Wells isn’t huge, but there is still plenty for visitors to enjoy in this gorgeous city. It’s only 20 miles or so from the equally stunning Bath, but it really stands alone, not least because of its remarkable cathedral. The historic centre certainly brings in plenty of visitors, but there are also other hidden gems, including the regular market. Here’s our guide to accessible Wells.
It is tempting to start, as most visitors do, with the cathedral, but we feel that Wells’ regular outdoor market is an equally good place to get a taste of the city. It is widely considered to be one of the best in the country, and we’d certainly agree. Whether you want to buy local cheeses, handicrafts or a pot of chilli jam you’ll find it here on Wednesdays and Saturdays. It is all accessible for you on your scooter too and you can park nearby, although not in the Market Place car park on market days. There are however Blue Badge spaces for on street parking on the High Street and Cathedral Green, with a three hour maximum stay.
They began the building of this remarkable cathedral way back in 1175 and it took until 1490 to finish it. Its most famous feature is the West Front, which was inspired by French Gothic architecture. As well as this, we’d also strongly recommend you take a moment to gaze in awe at the famous Jesse Window, a spectacular example of stained glass from the 14th century. We’re lucky that is still around too, as it was nearly destroyed during the English Civil War. Accessibility is excellent, with ramps where you need them and a level floor throughout the main cathedral floor. There is also a lift if you want to visit the Cathedral café on the first floor. We’d recommend giving the team there a call on 01749 674483 to discuss any particular needs you might have. There are also Blue Badge parking spaces on Cathedral Green Road nearby.
Wells Bishop’s Palace
Of course, one of the most famous buildings in Wells is the home of the Bishops of Bath and Wells. Their historic moated palace, close to the city centre, has been around for 800 years and is well worth a visit. There’s plenty to keep you busy here, from the bell-ringing swans (really!), the medieval architecture of the palace and the fascinating gardens that surround them. Accessibility is generally good, with a lift to the upper floor of the palace, although the surfaces can be uneven in some places outside. We’re also big fans of the Bishop’s Table café by the moat drawbridge, and found that the staff there were very helpful. If you want to park nearby, then there are two Blue Badge spaces close to the drawbridge, but you will need to give the team a call a couple of days before your visit on 01749 988111 to reserve it.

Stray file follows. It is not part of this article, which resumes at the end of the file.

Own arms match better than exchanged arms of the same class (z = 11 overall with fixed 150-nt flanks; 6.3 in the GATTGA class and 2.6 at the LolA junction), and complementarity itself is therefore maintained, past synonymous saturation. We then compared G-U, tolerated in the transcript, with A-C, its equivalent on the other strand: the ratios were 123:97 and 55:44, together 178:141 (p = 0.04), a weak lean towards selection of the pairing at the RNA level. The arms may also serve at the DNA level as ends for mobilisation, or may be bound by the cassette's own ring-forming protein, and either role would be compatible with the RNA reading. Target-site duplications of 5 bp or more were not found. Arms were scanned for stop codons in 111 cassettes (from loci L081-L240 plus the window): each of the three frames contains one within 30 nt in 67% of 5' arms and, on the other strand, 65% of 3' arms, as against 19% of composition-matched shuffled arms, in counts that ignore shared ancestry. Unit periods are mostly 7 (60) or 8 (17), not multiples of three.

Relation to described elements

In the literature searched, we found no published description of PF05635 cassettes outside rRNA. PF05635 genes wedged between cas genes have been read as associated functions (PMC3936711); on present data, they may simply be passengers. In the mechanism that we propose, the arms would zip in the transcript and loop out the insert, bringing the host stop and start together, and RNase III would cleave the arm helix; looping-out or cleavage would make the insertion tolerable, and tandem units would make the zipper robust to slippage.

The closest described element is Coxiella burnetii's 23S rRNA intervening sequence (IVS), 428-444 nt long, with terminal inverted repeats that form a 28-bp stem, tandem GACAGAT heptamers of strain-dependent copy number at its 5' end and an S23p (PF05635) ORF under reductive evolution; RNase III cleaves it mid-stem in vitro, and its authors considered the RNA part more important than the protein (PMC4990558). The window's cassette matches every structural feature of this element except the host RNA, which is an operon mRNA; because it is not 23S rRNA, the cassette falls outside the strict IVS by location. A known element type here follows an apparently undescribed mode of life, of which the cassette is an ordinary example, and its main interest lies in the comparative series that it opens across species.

While you are in the historic centre of Wells, we also highly recommend that you take a quick look at Vicars Close. It is apparently the oldest, intact medieval street in Europe, and it is a wonderful place to get a sense of what this town must have been like during the Middle Ages. The street was designed in the 14th century as a place to accommodate the Vicars Choral, who are the choir who sing everyday in the cathedral, and it is still their home today. It’s a cobbled street, so the surface isn’t ideal for scooters, but it is well worth a visit if you are close by.
For more information on the accessibility of many of Wells’ most famous and popular sites, as well as information on parking, take a look at this handy guide on the city’s main tourist information site.
Eating out in Wells
If you are looking for something not too pricey in central Wells then we’d definitely recommend the Courtyard Restaurant. It’s wheelchair accessible, close by the cathedral and offers a good selection of well-cooked local dishes. We also loved the TWENTYONE café and kitchen for their great cakes and a peaceful atmosphere.
Getting to Wells
The simplest way to get to Wells is by car: just take the A39 from the M5. There are no direct trains to the city, but there are regular connecting bus services to Bristol Temple Meads, Bath Spa, Frome and Castle Cary railway stations. Bristol Airport is around 20 miles away and is also possible to hire a car there for the onward trip to Wells itself.
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